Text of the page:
Remington has been in the business of building legendary rifles for a long time. I’ve been using them for long-range shooting for years but those were heavy barreled guns focused on accuracy, not so much on practicality. Many of the requirements that shaped the scout rifle concept can be easily rolled into that of a practical bolt action rifle suitable for many uses. A rifle with some of these characteristics can be an important part of anyone’s collection, capable of taking game or even defending oneself if necessary. One of Remington’s most practical rifles is the Model Seven Threaded, which features a short, threaded barrel, a hydro-dipped synthetic stock, and a one-piece scope base.
Model Seven Threaded Overview
On the outside the Model Seven shares some visual similarities with the venerable Model 700, but that’s not exactly the case. They may have started out as round actions but after that, there is very little cross compatibility between these two rifles.
|Action||dual lug bolt action, centerfire|
|Sights||None, Picatinny rail installed|
|Caliber||.308 Winchester (tested)|
|Barrel Twist Rate||1:10″|
|Length of Pull||13 1/8″|
|Overall Length||35 1/8″|
|Overall Weight||5 lbs 9 oz|
The first noticeable difference is that the Model Seven’s action is a half-inch shorter than a Model 700’s. The ejection port is also longer on the Model Seven with more rounded edges to better facilitate loading and ejection.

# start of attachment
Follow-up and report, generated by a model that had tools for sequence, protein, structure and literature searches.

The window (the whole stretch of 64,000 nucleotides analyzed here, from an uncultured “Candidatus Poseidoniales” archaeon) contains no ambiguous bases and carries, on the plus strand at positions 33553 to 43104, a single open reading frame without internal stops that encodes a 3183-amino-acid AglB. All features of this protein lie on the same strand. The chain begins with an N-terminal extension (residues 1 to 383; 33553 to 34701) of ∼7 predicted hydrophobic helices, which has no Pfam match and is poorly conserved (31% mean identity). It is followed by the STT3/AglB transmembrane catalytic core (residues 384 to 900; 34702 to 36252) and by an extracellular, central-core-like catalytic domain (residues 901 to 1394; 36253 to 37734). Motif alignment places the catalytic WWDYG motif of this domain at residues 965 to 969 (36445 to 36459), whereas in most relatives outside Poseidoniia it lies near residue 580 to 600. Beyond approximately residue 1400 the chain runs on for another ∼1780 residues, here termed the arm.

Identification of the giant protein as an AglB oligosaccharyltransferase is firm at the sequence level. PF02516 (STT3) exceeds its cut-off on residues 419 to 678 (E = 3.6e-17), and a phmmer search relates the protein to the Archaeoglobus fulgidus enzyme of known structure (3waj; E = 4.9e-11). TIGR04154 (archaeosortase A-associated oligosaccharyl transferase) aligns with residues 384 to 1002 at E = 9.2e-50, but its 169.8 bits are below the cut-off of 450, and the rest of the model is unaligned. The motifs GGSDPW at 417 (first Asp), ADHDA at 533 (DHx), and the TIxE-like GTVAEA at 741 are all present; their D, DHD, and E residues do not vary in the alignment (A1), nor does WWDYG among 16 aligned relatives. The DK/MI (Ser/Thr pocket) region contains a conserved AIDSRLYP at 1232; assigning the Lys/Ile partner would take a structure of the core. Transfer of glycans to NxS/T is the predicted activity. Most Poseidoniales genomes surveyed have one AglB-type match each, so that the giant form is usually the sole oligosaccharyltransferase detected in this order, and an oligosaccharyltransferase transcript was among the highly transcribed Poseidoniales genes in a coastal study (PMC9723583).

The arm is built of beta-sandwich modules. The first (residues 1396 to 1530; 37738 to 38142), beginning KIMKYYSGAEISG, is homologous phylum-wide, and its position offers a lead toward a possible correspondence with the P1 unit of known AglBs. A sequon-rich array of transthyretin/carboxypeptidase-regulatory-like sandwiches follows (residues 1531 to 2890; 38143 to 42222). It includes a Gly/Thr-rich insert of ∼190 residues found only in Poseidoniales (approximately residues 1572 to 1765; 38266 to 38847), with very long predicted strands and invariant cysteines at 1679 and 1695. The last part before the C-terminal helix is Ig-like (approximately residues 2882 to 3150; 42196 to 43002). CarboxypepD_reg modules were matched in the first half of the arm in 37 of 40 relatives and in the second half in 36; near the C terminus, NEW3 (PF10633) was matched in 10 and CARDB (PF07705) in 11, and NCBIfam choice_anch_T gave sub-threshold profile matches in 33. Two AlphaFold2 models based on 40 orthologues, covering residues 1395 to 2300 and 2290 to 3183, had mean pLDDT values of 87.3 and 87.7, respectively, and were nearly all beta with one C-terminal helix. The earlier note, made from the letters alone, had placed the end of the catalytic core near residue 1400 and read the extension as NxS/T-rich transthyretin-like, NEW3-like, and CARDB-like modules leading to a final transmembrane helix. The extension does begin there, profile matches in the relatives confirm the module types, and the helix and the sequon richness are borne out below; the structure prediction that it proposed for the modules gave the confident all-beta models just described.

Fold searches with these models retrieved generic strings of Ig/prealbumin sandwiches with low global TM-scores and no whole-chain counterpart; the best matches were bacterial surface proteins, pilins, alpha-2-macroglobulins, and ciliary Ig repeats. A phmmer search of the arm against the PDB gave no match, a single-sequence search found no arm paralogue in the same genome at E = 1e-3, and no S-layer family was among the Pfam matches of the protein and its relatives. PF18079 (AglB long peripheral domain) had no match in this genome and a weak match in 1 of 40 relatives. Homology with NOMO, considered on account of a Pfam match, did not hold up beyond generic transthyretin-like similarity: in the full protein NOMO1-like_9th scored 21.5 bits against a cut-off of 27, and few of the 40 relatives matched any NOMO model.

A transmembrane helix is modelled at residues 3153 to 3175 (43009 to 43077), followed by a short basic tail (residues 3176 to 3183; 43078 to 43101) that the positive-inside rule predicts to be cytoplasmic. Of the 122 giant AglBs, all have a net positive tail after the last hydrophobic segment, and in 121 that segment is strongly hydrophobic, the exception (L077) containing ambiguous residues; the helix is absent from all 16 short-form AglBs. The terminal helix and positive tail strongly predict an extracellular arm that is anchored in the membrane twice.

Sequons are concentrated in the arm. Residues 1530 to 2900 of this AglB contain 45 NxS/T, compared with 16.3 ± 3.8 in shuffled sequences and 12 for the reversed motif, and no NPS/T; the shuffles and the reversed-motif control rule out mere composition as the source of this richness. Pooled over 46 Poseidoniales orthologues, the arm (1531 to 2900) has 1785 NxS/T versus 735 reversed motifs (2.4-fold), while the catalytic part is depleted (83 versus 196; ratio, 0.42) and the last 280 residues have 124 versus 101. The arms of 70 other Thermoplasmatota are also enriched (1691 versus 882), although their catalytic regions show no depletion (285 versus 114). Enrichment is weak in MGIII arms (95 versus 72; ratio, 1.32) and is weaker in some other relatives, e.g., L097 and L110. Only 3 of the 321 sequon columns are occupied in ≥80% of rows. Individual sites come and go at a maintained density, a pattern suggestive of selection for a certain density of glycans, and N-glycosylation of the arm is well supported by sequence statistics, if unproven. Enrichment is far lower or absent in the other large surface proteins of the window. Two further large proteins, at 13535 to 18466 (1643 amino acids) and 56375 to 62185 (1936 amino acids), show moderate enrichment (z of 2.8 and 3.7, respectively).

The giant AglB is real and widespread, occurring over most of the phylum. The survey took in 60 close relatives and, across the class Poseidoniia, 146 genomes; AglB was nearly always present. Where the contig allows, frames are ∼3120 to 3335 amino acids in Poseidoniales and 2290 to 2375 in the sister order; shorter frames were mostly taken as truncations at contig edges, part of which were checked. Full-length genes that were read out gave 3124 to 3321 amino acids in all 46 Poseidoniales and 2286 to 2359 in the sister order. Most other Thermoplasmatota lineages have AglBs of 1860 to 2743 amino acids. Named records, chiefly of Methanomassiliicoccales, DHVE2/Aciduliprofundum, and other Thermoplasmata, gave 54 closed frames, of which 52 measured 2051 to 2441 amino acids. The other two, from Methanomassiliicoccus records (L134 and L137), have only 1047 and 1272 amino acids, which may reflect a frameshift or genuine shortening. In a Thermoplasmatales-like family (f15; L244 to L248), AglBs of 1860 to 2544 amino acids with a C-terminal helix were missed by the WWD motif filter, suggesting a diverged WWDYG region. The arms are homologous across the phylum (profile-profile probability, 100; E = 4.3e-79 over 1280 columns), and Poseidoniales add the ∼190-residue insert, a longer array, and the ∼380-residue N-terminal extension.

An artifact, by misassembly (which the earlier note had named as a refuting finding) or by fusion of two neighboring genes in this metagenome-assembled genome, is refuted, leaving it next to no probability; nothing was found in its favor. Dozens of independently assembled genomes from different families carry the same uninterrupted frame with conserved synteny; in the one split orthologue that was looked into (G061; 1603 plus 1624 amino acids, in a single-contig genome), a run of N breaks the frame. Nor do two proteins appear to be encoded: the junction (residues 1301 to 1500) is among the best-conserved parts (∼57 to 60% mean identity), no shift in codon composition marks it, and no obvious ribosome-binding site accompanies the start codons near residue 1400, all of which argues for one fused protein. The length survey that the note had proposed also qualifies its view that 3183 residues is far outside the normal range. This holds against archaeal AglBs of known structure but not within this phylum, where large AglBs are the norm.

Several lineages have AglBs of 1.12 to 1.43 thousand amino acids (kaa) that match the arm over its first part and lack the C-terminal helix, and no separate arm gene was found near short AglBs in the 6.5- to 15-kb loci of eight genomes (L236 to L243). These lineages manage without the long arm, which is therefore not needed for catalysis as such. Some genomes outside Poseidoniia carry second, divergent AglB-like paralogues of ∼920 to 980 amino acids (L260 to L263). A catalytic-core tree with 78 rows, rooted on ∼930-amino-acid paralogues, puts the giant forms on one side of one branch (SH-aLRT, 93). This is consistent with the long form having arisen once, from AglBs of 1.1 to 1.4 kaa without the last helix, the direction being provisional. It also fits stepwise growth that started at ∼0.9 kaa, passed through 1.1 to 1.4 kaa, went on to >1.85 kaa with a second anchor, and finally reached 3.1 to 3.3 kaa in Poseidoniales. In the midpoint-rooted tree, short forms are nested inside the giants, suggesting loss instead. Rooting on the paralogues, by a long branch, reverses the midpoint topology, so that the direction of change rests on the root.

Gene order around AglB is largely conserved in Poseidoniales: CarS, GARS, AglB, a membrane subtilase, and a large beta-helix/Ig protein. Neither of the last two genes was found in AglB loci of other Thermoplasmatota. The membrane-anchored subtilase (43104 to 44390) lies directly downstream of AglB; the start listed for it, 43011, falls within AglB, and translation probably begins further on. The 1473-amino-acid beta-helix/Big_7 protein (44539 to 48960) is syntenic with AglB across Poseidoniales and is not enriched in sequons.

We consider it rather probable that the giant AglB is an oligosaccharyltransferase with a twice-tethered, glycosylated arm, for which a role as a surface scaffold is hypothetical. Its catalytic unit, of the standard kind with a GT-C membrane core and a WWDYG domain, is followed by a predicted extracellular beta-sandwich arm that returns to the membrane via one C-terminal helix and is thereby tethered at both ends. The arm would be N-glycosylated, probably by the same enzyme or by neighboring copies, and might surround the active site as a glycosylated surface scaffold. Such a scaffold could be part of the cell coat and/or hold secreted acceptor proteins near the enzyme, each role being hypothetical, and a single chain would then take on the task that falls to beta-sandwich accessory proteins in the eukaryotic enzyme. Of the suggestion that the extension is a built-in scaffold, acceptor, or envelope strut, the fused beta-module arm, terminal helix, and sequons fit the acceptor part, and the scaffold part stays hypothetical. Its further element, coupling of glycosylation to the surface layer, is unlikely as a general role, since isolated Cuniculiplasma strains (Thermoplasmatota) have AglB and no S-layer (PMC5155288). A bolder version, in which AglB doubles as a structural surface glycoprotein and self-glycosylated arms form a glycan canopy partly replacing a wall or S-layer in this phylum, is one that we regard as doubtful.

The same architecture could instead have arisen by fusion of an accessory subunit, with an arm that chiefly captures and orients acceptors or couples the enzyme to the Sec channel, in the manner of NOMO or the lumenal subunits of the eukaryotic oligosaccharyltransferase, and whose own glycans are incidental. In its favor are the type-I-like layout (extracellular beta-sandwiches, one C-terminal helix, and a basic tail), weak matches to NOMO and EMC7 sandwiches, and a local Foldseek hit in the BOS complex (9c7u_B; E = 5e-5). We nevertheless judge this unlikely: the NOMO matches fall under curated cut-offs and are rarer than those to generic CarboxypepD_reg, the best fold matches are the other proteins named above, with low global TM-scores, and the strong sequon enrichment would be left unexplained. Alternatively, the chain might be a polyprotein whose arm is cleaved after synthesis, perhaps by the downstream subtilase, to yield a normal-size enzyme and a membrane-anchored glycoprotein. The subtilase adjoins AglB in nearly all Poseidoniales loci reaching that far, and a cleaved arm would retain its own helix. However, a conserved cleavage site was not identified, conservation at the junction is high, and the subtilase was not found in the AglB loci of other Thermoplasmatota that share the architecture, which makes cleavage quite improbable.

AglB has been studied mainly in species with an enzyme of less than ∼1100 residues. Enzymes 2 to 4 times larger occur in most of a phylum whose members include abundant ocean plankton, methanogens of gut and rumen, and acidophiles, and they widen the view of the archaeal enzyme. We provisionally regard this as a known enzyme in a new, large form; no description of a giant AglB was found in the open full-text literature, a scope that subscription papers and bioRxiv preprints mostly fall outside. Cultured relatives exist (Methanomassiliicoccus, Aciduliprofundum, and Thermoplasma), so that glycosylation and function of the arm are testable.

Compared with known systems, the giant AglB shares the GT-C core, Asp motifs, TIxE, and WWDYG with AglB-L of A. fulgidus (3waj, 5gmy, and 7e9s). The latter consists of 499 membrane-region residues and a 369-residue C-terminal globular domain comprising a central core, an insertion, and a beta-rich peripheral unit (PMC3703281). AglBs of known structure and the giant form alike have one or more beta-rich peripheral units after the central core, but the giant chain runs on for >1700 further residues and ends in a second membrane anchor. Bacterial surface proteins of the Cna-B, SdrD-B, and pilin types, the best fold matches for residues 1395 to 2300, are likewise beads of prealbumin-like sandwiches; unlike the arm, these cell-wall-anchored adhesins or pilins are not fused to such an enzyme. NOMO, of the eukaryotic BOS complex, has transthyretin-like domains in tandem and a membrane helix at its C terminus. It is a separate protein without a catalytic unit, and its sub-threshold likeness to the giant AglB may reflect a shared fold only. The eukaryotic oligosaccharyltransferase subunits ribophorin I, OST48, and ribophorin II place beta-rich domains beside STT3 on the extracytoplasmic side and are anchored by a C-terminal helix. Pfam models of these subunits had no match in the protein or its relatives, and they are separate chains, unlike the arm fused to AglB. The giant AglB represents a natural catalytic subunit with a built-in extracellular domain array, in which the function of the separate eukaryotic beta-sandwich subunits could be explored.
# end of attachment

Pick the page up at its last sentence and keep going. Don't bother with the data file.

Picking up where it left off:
The Model Seven is a push feed-type action that uses a bolt with the familiar dual locking lugs and swept bolt handle common to the Remington Model 700.
This renowned design uses a counterbored bolt face to encapsulate the cartridge head within the first ring of steel, which is further surrounded by the barrel, and finally the action itself. In the event that there is a case rupture, the shooter can be assured that the rifle will safely take the pressure and vent the gasses with little harm done to the shooter.
Of course, the changes done to make the action more compact required modifications to the trigger and bolt stop layout to keep it functioning properly. The trigger is moved forward slightly resulting in it and the bolt stop being held in place by their own pins as opposed to being mounted in tandem like on the Model 700.
A Picatinny scope base is standard on the Model Seven Threaded, held in place with four 6-48 screws, which are plenty strong enough to take the abuse of a .308.
Sticking with the theme of a multi-purpose rifle I mounted up a Vortex Strike Eagle 1-6X optic set in a of low Burris rings, which seemed like a good compliment for this kind of rifle.
The lightweight 16.5” barrel appears to be the same one used on the AAC Micro 7. Like that rifle, the barrel flares out at the muzzle just before the 5/8-24 threads to provide additional surface area for mounting suppressors or a muzzle break.
This particular rifle is chambered in .308 Winchester with a 1:10” twist that is sure to handle everything from lighter hunting loads up to heavy subsonics without any problems. The shortened barrel length and compact action contribute to bringing the total weight of the rifle down to only 5 lbs 9 oz with an overall length of just 35.125″. That makes this an exceptional option for those going up in tree stands, navigating dense woods, or climbing steep hills in search of their quarry.